Another strategy to define the optimal biologically effective dose is to incorporate innovative molecular and functional imaging, such as magnetic resonance imaging (MRI) and positron emission tomography (PET), into early phase dose-finding trials of targeted agents [16, 17]. For example, digital contrast-enhanced MRI (DCE-MRI), which can measure tumour permeability and vascularity, may be a useful biomarker for dose determination in studies of angiogenesis inhibitors [18, 19].

Given the growing number of targeted agents in development and the complexities of determining a dose that yields optimal biological activity based on target inhibition rather than on toxicity, there is an increasing need for novel Phase 1 trial statistical designs. Integral to the process of choosing among the trial designs is an understanding of what is known preclinically about the agents and the patient population being studied. Recently, Hunsberger et al. [20], proposed Phase I designs for molecularly targeted agents based on the assumption that the target response is a binary value (i.e. positive or negative) determined in each patient. The goal of the proposed design is to find a biologically adequate (rather than optimal) dose using a minimum number of patients, with the intent to obtain sufficient data to move as quickly as possible from dose-finding to evaluating efficacy. Based on limited simulations, this design appears to perform adequately with only three to four patients treated at each dose level. The utility of the approach warrants prospective evaluation in future clinical dose-finding trials of a variety of targeted agents [20].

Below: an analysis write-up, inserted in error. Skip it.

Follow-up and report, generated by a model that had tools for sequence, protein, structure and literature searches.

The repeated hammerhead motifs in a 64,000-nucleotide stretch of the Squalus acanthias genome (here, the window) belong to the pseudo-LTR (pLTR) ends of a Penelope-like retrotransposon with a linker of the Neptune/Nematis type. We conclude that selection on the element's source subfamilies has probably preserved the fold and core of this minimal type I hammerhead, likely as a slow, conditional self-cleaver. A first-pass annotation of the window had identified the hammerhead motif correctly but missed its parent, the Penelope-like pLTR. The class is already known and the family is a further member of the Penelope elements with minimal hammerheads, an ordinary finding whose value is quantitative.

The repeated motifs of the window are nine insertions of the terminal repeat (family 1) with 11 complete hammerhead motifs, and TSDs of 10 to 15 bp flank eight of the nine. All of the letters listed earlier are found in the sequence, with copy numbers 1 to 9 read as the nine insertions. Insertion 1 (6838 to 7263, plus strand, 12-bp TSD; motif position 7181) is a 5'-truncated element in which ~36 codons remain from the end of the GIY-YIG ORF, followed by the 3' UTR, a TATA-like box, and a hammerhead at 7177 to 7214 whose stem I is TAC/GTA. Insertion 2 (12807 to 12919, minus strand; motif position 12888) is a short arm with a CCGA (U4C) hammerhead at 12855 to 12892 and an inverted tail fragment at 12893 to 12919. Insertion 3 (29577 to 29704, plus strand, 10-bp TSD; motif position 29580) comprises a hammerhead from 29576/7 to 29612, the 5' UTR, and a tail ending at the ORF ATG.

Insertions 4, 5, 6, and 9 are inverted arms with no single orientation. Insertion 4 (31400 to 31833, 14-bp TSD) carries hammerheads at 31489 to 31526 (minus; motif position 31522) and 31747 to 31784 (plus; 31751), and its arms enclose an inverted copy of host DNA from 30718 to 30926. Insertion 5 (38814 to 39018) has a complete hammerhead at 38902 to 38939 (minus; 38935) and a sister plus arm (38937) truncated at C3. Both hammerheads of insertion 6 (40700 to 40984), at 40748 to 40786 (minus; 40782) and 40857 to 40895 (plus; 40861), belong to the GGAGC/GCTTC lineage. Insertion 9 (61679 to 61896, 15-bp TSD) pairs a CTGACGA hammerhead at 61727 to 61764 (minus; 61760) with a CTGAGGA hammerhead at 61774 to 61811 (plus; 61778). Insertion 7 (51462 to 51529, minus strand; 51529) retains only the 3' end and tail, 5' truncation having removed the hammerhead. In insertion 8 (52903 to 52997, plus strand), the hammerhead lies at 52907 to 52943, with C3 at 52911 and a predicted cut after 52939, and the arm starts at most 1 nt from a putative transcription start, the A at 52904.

Phase 2 efficacy trials

Measures of efficacy

With the increasing number of anticancer agents being developed with novel mechanisms of action, there is an urgent need to change the paradigm for demonstrating anticancer agent efficacy. End-points, such as objective response rates, that were considered standard for most Phase 2 trials with traditional agents may not be adequate for targeted agents that produce growth inhibition without tumour regression.

The various parameters used to evaluate efficacy and clinical benefit in cancer clinical trials include objective tumour response, response rate (RR), time to (tumour) progression (TTP), progression-free survival (PFS), overall survival (OS), time to treatment failure (TTF) and a composite clinical benefit end-point [21].

OS is the most clinically relevant and meaningful end-point in trials of patients with malignant disease. It is easy to record, reliable and free of bias. However, there are disadvantages in requiring OS as a measure of efficacy, since the length of time to complete the study is usually prolonged due to the long-term nature of the end-point and there may be confounding variables such as those related to cross-over designs and patients receiving other therapies at the time of progression [22]. Also, OS is not a feasible end-point for Phase 2 trials, which are generally small single-arm studies primarily aimed at providing preliminary evidence of efficacy.